Fired up about new ideas, opportunities and contributing but can’t seem to get out from under a not so fired up workplace culture? Before you spend the rest of the year wishing your workplace were different or going online to blast your resume to recruiters, ensure you are equipped with the right tools to launch your success.

Review the following toolbox and see if your tools pass as being charged up and ready to go.

#1
The big question: What are you aiming for? Are you shooting for the moon or striving for Jupiter? Either aim requires a clear definition of what you hope to accomplish in your next move and/or project. How does this vision align with your personal values and not your companies?

#2
Dig Deeper. What are the top three values that define what you stand for and who you strive to be, even when no one is looking. Write these down.

#3
Go deeper. Press beyond the three values and reflect. Do they represent your three distinguishable values? These are the ones you’re keeping close to the chest; go ahead and repeat them out loud to yourself. How are these values of distinction aligned or misaligned in your current role? What would it take to refine the alignment?

#4
How are you living these values now? Are you able to propel forward in your current role if adjustments were made to other areas in your life? Or is your spark or dream giving way to a current role, work, or life conflict?

#5
How can you live your values? Are you feeling professionally more effective even with today’s work and economic realities? Are you able to demonstrate these values where you work? If so, why? If not, why not? Are these values lived consistently over time or do they fluctuate based on when you work, for instance when workloads have expanded? Does where you work, such as at the office, home or café differentiate how you live out your values?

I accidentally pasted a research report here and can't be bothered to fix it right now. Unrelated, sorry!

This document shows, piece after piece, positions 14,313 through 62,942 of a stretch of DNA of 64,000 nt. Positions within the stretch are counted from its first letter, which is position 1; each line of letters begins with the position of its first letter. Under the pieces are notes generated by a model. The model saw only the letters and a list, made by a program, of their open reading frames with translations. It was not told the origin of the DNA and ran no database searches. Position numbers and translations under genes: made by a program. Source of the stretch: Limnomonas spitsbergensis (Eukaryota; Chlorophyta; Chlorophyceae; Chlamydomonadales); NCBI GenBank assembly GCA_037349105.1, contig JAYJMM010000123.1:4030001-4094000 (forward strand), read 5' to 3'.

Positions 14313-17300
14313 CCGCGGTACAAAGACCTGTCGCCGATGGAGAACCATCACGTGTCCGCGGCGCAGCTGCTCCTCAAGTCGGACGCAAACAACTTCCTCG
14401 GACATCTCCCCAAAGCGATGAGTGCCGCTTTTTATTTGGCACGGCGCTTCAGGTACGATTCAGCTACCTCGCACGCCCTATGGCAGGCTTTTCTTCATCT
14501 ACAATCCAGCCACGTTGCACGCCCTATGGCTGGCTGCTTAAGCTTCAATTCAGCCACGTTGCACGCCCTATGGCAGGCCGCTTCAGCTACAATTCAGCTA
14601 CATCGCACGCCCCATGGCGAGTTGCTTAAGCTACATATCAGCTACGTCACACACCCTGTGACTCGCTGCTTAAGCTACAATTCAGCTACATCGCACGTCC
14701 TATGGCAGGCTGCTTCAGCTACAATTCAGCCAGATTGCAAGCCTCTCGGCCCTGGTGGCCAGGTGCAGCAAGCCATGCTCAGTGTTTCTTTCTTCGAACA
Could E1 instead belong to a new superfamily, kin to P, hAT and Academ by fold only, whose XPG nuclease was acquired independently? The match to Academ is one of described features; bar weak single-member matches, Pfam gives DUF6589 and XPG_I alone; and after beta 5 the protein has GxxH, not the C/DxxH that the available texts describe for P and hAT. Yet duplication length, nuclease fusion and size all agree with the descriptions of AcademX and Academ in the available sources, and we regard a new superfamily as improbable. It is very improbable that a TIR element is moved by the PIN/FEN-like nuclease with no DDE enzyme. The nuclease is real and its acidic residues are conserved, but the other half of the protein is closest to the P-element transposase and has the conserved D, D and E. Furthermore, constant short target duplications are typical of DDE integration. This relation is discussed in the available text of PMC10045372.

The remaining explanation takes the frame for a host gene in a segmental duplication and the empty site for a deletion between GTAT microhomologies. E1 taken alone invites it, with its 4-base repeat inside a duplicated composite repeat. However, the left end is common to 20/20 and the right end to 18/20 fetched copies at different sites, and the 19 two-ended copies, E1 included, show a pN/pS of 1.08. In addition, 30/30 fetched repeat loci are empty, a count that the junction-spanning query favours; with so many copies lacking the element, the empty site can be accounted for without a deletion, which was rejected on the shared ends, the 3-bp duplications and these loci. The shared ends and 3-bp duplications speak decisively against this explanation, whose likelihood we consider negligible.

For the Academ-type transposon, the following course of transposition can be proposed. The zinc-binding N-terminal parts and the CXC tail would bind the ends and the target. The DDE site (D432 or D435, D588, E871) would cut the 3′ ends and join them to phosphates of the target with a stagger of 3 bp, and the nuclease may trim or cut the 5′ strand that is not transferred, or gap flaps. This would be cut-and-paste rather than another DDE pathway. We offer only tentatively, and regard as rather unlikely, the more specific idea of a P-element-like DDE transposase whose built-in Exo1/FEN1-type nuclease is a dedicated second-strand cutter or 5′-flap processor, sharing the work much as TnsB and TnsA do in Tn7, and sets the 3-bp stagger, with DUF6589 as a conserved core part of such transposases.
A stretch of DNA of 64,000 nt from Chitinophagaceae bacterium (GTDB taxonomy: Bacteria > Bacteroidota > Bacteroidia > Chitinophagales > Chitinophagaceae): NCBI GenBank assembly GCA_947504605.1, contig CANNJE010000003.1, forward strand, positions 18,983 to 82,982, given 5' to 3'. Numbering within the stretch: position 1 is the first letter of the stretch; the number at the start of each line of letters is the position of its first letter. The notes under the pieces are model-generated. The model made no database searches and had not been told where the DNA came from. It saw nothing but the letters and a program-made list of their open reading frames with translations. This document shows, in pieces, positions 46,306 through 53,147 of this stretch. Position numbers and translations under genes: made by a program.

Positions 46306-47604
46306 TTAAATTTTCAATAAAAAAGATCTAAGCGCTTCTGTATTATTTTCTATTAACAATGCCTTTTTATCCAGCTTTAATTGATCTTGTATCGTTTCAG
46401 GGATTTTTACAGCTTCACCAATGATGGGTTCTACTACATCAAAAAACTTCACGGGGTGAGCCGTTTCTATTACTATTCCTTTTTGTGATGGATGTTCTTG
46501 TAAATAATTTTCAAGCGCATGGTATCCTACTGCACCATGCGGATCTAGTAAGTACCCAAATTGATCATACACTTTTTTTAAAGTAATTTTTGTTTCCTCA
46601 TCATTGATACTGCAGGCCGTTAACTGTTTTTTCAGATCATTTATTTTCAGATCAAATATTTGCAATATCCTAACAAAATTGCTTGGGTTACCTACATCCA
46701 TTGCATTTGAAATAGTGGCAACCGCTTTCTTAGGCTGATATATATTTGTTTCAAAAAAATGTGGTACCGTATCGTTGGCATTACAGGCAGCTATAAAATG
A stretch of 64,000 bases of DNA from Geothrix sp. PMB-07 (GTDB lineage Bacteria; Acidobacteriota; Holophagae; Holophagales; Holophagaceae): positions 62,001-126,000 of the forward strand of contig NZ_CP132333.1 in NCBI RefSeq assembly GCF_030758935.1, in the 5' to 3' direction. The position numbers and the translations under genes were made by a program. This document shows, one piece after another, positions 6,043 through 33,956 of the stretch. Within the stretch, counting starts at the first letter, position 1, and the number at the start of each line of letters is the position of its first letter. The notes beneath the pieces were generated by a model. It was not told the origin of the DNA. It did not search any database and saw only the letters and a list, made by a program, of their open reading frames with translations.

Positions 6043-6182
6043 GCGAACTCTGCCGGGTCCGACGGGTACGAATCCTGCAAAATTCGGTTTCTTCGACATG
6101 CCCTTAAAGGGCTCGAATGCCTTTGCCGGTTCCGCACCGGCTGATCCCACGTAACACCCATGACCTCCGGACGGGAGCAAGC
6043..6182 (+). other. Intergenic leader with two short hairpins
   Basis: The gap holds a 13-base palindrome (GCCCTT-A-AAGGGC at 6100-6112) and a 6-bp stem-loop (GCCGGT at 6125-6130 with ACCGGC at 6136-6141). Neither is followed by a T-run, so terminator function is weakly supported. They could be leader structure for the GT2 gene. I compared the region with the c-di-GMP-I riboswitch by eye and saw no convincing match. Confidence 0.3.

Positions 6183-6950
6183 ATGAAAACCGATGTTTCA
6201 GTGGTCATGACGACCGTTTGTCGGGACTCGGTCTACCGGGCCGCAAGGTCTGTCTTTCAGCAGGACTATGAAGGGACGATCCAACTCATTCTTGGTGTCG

#6
What type of workplace culture do you do your best work? Collaborative, supportive, respectful, high-performing, structured, routine, friendly but independent thinking are just a few atmospheres to consider.

#7
Connection points. How do your professional relationships add meaning and purpose to your values while accomplishing work? Are they running at optimal levels? How might you improve or expand upon them? If they fall in the average category, what would it take to improve them? Would you be willing to do that?

#8
Learning agility. What does your personal and professional development plan consist of? Are you enabled at work and/or home to accomplish this? How often do you share your learning with others? What learning are you planning for next?

#9
Boundaries between personal and professional fuzzy? Have changes at home, family and/or health impacted your desired performance outcomes? If so, are there areas that need to be adjusted to achieve more of what you’re aiming for? Might it require a change to slow down or are you ready to accelerate? Can you do this now in your organization? Not sure?

#10
Move dialogue forward. Define your own work, career, life success plan and begin to assess how it might be achieved in your current environment. Reach out and obtain the resources necessary to help you grow. Arrange a meeting with your boss to discuss professional opportunities for future success in the organization.

Technology now affords many options to how, when and where work is done. Hold the conversation with your manager and present your plan for workplace success by collaborating on new ways to rethink getting work done and achieving business results.

Move Forward.

Author's Bio: 

© 2011 All rights reserved. Judy White, SPHR, GPHR, HCS is the President of The Infusion Group ™ LLC, a next generation people management consulting and executive coaching firm based in the Raleigh/Durham, NC area. Visit us at www.theinfusiongroupllc.com and discover how to move your ideas and potential forward.